According to the UOC hierarchs, 129 churches were seized in Ivano-Frankovsk, Lvov, Volyn, Rovno, Zhitomir, Khmelnitsky, Vinnitsa, Chernovtsy, Chernigov, Kiev and other regions of Ukraine in 2022, with only 31 parishes making the transition voluntarily. According to more recent estimates (Legal Department of the UOC, December 29, 2022), about 250 UOC churches have been seized in all. As of March 1, 2023, more than 300 parishes were illegally “re-registered” in 2022-2023.

The following UOC parish seizures were marked by egregious violence and vandalism:

All UOC churches and monasteries were seized or closed down in the Ivano-Frankovsk region in 2022-2023. On several occasions, clergy, believers and monks were beaten up during the raids, and clergy was submitted to intimidation and armed abductions. On March 28, 2023 in Ivano-Frankovsk, OCU assaulted a cathedral of the UOC Ivano-Frankovsk Diocese with about 200 attackers, including masked gunmen and territorial defence unit members, broke down the gate and entered the church grounds, then broke down its side doors and sprayed tear gas inside, forcing the cathedral defenders out. The police remained uninvolved. Despite the fact that the UOC believers did not put up any resistance, they were beaten up: Bishop of Ivano-Frankovsk and Kolomiya Nikita had his skull cap knocked off his head, the cameraman conducting live broadcast was beaten up, and the broadcast was interrupted. Some of the clerics sought medical help for chemical burns of the cornea. The secretary of the diocesan office lost consciousness due to gas poisoning and was hospitalised in serious condition. Ivano-Frankovsk Mayor Ruslan Martsinkiv had earlier issued repeated calls to seize the UOC cathedral and openly supported the attack.
On June 29, OCU clerics and supporters seized the UOC Church of the Intercession in Fastov, Kiev Region. They broke the locks and pushed back the Orthodox believers. The father superior was physically prevented from entering the church; the gunmen sent in by the authorities intimidated the parishioners; and the police assisted the attackers. Earlier, during an attempt to seize the same church, an OCU “cleric” kicked Father Superior of the UOC parish, Archpriest Anatoly Kirichenko-Kiriakidis, in the stomach knocking him down (a video is available). The case of battery was closed by the police due to a lack of evidence.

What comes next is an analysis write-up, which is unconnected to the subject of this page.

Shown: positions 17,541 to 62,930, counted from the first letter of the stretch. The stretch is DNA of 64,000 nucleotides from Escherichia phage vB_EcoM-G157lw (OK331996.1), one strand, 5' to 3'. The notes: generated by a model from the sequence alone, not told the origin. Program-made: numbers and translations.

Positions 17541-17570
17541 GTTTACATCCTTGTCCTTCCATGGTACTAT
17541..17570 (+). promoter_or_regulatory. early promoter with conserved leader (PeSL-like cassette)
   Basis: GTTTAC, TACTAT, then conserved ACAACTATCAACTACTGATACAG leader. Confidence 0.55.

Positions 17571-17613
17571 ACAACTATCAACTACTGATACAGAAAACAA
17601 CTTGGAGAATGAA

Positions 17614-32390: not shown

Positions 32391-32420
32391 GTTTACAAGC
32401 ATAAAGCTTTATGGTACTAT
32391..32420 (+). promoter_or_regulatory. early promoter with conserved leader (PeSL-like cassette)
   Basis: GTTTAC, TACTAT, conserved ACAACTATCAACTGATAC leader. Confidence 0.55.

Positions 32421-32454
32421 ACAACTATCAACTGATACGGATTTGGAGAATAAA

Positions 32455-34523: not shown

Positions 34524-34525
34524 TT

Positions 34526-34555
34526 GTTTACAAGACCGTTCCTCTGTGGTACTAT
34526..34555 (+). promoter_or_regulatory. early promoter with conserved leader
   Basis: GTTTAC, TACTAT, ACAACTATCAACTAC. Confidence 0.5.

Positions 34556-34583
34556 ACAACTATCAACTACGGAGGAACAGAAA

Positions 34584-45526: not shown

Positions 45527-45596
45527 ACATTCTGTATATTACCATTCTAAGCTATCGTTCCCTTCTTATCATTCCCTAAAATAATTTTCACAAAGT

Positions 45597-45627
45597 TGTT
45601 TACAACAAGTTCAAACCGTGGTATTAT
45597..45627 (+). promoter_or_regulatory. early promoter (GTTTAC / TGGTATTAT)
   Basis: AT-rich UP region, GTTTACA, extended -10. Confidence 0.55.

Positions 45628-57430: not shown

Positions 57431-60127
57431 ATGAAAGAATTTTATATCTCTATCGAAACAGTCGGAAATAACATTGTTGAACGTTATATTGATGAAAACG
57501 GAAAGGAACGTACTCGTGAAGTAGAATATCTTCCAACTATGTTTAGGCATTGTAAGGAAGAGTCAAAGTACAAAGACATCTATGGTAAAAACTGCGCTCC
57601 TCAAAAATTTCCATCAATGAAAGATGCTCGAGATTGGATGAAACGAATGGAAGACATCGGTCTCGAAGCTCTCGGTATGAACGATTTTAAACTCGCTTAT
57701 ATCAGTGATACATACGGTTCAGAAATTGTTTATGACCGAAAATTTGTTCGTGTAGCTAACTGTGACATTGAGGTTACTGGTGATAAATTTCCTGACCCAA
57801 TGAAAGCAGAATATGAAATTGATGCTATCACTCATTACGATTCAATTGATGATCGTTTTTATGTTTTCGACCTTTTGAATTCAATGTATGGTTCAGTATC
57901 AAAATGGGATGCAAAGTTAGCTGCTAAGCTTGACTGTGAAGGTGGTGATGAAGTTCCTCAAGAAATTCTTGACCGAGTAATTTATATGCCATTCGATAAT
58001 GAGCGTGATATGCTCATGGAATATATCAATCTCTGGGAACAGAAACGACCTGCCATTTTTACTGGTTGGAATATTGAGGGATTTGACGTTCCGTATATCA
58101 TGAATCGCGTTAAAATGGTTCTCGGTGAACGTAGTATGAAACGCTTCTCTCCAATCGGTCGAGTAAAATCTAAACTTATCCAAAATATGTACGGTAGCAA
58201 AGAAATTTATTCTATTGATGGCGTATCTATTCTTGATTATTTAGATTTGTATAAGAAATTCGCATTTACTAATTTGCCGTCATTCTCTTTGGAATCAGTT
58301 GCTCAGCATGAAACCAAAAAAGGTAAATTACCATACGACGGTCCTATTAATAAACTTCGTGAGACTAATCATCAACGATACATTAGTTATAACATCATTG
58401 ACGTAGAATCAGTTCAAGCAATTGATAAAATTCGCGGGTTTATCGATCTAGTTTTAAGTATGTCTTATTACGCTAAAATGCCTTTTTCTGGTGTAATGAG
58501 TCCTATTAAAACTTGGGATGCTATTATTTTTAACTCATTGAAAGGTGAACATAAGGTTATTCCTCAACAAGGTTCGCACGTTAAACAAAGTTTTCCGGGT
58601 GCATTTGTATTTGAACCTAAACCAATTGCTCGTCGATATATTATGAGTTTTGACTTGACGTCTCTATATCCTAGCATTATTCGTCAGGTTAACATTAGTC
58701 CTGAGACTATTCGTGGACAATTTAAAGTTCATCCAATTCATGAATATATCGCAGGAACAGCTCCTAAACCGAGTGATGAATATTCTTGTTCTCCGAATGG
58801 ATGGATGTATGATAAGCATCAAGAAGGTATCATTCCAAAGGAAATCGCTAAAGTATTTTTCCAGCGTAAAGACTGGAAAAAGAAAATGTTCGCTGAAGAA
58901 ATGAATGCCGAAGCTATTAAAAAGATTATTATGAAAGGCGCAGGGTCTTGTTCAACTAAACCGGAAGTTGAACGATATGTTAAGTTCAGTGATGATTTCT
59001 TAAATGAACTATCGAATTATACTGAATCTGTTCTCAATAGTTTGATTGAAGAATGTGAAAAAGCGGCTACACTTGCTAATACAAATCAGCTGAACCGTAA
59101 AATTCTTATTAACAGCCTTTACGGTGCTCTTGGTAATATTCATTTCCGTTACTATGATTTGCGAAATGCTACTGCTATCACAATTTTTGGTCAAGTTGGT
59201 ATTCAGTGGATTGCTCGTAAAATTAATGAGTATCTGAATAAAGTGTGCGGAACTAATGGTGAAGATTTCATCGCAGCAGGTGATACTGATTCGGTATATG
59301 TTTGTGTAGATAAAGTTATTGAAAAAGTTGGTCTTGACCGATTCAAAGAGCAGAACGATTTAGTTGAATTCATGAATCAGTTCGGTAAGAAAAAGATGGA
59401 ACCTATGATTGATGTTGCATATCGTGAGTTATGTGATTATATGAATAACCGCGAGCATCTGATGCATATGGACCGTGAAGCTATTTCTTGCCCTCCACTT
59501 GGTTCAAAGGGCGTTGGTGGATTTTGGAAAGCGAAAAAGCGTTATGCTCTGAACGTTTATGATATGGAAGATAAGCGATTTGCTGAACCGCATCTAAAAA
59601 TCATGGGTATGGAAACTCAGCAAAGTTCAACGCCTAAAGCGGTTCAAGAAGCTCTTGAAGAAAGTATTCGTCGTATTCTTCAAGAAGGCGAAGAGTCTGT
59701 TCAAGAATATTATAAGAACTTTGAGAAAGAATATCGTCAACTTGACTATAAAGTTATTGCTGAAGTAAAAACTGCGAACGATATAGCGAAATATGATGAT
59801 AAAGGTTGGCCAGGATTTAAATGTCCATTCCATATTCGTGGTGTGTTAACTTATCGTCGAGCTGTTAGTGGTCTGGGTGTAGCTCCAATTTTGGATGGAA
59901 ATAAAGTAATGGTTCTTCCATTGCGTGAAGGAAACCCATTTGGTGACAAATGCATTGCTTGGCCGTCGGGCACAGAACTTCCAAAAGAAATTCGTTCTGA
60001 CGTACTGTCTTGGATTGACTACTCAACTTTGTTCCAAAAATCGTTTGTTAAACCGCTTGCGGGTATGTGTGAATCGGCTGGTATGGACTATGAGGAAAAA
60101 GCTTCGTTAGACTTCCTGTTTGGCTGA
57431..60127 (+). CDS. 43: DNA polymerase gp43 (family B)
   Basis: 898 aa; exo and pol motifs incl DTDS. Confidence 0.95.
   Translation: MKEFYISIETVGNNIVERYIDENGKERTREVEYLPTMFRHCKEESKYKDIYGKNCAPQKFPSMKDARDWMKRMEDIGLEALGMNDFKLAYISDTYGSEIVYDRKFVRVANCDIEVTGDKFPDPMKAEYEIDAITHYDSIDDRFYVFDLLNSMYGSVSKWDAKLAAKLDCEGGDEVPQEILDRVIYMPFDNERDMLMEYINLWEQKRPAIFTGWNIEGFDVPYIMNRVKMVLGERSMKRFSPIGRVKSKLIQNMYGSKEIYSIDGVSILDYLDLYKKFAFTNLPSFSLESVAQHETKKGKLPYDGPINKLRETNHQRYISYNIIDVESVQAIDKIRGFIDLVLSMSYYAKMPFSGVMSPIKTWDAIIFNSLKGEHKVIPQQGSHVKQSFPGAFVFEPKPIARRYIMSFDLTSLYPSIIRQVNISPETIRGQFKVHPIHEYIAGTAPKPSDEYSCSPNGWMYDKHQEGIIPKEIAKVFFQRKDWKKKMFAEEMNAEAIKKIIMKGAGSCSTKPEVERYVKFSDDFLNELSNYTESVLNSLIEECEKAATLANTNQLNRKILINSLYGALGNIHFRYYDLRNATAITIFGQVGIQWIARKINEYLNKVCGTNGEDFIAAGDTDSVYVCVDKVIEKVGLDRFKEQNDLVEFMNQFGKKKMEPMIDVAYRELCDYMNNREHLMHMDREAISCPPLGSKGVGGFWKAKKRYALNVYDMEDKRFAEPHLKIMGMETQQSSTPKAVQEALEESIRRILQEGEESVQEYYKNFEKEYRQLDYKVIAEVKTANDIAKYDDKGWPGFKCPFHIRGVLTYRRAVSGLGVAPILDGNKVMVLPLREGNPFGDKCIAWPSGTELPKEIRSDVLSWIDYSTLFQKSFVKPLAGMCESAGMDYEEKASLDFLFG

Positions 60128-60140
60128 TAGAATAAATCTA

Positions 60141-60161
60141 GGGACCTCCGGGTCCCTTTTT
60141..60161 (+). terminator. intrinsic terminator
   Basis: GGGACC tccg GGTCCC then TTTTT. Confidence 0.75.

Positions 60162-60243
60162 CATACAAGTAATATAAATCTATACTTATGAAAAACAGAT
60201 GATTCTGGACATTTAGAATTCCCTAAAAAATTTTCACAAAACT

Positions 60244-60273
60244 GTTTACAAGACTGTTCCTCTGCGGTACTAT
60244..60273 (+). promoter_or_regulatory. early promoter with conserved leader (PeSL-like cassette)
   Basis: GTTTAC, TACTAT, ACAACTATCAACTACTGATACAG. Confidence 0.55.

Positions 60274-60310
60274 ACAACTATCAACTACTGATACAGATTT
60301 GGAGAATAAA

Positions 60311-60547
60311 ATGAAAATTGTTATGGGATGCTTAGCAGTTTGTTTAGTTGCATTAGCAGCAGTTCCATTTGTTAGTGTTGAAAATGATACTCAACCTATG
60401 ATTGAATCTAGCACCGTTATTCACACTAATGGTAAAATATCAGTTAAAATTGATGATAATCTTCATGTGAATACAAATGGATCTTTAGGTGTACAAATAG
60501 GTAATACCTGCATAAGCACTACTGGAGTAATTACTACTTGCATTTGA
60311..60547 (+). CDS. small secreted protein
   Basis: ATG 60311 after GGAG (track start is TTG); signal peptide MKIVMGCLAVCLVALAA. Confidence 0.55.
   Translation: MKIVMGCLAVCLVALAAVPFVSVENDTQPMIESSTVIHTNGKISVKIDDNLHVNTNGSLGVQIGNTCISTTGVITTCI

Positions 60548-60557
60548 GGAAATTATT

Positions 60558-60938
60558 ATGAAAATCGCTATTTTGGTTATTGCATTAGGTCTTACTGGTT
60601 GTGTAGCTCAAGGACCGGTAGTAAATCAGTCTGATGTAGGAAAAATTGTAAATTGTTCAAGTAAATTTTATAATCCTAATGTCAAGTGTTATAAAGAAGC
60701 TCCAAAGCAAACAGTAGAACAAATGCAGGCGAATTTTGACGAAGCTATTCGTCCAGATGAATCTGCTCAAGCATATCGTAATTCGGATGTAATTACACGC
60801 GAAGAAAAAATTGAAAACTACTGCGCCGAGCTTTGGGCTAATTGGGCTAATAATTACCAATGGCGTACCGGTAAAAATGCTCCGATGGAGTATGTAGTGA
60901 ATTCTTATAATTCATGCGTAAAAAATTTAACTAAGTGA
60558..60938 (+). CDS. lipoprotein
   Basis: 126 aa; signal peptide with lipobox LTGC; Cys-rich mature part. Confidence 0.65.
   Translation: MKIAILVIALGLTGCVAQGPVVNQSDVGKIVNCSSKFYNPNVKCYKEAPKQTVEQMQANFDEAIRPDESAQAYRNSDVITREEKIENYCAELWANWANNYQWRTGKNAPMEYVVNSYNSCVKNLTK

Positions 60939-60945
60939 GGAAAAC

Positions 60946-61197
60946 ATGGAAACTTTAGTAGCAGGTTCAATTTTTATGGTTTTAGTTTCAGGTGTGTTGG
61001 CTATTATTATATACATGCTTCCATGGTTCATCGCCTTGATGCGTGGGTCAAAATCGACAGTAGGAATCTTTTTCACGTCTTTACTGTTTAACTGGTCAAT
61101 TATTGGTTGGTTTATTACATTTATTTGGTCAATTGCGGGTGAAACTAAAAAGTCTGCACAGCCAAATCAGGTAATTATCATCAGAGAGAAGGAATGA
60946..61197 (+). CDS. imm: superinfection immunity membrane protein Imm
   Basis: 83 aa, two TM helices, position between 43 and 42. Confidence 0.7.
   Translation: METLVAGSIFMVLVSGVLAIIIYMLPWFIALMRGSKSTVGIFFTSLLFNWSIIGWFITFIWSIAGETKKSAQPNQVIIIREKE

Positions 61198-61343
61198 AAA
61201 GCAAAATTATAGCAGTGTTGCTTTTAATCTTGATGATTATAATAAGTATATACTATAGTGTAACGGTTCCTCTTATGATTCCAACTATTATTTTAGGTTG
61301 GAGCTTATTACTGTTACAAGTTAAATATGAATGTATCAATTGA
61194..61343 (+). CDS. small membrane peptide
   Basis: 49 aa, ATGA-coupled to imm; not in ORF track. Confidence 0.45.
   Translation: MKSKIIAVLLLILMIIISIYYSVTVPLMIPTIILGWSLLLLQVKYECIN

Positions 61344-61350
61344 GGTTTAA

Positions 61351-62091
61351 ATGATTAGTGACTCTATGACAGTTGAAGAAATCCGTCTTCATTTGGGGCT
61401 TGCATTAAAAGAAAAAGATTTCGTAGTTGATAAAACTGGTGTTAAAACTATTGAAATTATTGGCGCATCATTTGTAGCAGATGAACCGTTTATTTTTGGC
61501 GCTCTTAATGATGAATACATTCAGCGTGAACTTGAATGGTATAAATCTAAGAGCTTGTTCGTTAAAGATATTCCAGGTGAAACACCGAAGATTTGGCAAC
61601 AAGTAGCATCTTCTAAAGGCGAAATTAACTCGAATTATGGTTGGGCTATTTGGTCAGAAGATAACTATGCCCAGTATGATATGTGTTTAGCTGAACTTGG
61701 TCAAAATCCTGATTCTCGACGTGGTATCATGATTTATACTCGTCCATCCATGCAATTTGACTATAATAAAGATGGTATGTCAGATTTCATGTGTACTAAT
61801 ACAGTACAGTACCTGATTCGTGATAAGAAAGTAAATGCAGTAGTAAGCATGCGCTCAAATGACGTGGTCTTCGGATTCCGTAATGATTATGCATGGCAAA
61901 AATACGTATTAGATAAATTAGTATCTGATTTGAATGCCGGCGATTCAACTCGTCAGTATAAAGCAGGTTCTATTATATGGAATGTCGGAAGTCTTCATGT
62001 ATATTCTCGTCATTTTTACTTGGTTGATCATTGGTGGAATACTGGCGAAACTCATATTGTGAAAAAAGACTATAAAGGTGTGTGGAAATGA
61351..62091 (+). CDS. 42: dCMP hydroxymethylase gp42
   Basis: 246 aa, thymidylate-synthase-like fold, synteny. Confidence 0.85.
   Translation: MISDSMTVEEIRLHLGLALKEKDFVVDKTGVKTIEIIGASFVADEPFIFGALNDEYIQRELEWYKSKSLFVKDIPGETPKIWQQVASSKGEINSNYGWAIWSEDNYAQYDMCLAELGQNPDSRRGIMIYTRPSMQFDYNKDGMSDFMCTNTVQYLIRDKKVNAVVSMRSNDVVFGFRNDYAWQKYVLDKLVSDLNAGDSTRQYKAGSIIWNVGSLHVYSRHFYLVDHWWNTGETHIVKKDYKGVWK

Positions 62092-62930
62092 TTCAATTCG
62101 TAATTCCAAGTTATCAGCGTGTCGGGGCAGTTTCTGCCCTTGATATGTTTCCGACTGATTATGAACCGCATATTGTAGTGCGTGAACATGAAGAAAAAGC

On July 24, in the village of Pirogovtsy, Khmelnitsky Region, during a Sunday liturgy, OCU supporters led by the chairman of the district council attempted to break into a UOC church, broke the door lock, harassed the believers and, following the service, beat up the father superior of the parish and parishioners, including women. Father Superior of the parish, Archpriest Alexander Kravets, was thrown down from the steps of the church. His pectoral cross broke. The attackers proceeded to kick him as he lay on the ground. One of the female parishioners had her head slammed against the brick wall of the church causing her to pass out. The chairman of the district council took part in the beating; the police did not intervene. Video recordings and eyewitness testimonies have been made public.
On September 22, in the village of Popelnya, Zhitomir Region, OCU supporters and 100 gunmen from the local territorial defence unit made another attempt to seize the UOC church, having cordoned it off and broken down the outer and inner doors. Physical force was used against the parishioners who tried to protect the church. The police did not intervene. The parishioners claim that the seizure was preceded by a falsification of the parish’s documents.